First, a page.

The IEP Cycle
The IEP (Individualized Education Program) process is a shared responsibility of the community, the family, and the school. The development of an IEP is also part of a cycle that begins with a particular child. The cycle has the following steps:
1. Referral: The cycle begins when either a parent or a teacher notices that a student is struggling with some aspect of his schooling and requests that he be referred for potential special education services. A committee then meets to decide whether the student's difficulties are severe enough to warrant a formal evaluation. The parent must give permission for the child to be evaluated. In addition, a parent must be invited to this and any other meeting regarding the identification, evaluation, or placement of the student. In this regard, a meeting means a "prearranged event" and not an unscheduled or informal conversation among school personnel.
2. Evaluation: Evaluations must be conducted by a multidisciplinary team. Many different methods, tests, and materials are used to evaluate children. The purpose is to understand the student's strengths and needs. The team may look at issues such as educational performance, medical history, social interactions at school and at home, psychological evaluations, and other factors. Any information provided by the parent must be considered by the team.
3. Eligibility: Once the data have been gathered, a parent and a team of professionals meet to discuss the results of the evaluation and decide if the student has a disability. Definitions of disabilities, such as hearing impairments, emotional disturbances, and specific learning disabilities, are spelled out in state and federal laws. If the student is found eligible, then the committee must decide if he, because of his disability, needs special education.
4. Development: If the student is found eligible for special education, then the IEP team is formed and meets to develop the IEP.
5. Implementation: After the IEP has been developed, the student's special education program and services begin.
6. Annual review: The IEP team reviews the student's IEP at least once a year to discuss whether he is meeting his goals, to set new goals and objectives, and to revise the educational program and services as necessary.
This cycle is an orderly one that is required by law. The process is designed to assure that children receive the services they need, as well as to provide legal protection for the rights of children with disabilities and their families.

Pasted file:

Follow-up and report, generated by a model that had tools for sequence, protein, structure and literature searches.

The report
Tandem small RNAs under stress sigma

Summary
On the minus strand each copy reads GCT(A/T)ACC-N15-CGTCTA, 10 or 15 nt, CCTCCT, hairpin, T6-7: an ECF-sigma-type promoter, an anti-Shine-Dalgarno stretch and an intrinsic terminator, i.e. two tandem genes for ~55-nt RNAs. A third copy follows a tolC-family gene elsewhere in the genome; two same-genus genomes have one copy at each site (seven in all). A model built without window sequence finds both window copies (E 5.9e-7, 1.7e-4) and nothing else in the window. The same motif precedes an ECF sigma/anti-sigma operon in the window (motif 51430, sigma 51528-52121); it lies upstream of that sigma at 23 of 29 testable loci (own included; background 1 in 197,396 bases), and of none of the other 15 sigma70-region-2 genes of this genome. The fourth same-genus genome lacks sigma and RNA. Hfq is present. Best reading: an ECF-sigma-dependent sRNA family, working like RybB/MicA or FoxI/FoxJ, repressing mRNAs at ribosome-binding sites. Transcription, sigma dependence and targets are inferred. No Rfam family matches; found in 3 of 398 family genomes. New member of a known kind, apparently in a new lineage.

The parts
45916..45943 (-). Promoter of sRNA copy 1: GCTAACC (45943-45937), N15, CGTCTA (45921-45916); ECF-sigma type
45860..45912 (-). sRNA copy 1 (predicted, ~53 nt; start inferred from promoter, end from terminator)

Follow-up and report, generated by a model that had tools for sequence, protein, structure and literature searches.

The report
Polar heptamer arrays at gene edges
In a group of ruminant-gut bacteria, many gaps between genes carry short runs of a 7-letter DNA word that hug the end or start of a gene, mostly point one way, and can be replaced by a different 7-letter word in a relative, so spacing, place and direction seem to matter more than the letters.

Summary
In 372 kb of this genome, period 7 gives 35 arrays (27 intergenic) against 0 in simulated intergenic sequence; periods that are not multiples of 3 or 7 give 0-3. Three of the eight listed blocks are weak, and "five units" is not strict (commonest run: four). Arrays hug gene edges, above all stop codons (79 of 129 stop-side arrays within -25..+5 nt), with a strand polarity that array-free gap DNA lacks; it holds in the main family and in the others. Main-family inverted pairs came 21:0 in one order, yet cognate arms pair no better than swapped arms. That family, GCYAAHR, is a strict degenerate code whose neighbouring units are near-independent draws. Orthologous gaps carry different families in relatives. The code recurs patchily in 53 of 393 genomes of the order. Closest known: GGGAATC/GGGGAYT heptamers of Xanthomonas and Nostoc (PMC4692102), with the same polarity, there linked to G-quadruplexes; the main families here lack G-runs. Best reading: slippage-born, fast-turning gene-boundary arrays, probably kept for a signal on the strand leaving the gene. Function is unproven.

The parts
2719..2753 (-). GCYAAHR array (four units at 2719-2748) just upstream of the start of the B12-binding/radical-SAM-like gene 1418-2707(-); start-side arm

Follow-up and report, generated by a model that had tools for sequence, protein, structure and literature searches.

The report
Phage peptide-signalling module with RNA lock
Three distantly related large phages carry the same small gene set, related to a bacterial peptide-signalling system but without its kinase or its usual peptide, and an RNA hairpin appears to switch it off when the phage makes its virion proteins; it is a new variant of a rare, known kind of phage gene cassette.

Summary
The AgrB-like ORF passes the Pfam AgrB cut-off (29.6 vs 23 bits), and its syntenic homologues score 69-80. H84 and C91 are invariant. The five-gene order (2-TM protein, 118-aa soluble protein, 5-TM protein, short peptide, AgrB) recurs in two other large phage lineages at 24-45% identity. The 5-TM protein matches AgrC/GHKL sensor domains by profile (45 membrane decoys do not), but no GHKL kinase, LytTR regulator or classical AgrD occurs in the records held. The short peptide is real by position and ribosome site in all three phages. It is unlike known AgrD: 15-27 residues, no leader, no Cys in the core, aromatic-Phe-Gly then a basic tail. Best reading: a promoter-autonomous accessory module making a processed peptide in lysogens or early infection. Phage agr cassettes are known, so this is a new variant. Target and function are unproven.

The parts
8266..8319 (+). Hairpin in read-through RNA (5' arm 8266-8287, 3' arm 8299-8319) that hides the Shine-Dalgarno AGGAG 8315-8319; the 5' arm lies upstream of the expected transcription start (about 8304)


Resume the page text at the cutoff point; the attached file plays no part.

Provided in partnership with The Council for Exceptional Children.
Asian-Pacific-American Heritage Month
May is Asian-Pacific-American Heritage Month! Don't overlook this opportunity to study and enjoy activities about the history and culture of Asian-Pacific American communities.
The recent rash of tornadoes in Oklahoma, which killed at least two dozen people, may have your students wondering why such natural disasters occur, how they may be affected by them, and what they can do to help. Use these resources to teach the geography of Oklahoma and the Southwestern United States, to explain tornadoes, and to discuss the resulting crises with your class.
Top 10 Galleries
Explore our most popular Top 10 galleries, from Top 10 Behavior Management Tips for the Classroom and Top 10 Classroom Organization Tips from Veteran Teachers to Top 10 Free (& Cheap) Rewards for Students and Top 10 Things Every Teacher Needs in the Classroom. We'll help you get organized and prepared for every classroom situation, holiday, and more! Check out all of our galleries today.
May Calendar of Events
May is full of holidays and events that you can incorporate into your standard curriculum. Our Educators' Calendar outlines activities for each event, including: Backyard Games Week (5/23-29) and Memorial Day (5/27). Plus, celebrate Asian-Pacific-American Heritage Month, Clean Air Month, and Physical Fitness & Sports Month all May long!
Common Core Lessons & Resources
Is your school district adopting the Common Core? Work these new standards into your curriculum with our reading, writing, speaking, social studies, and math lessons and activities. Each piece of content incorporates the Common Core State Standards into the activity or lesson.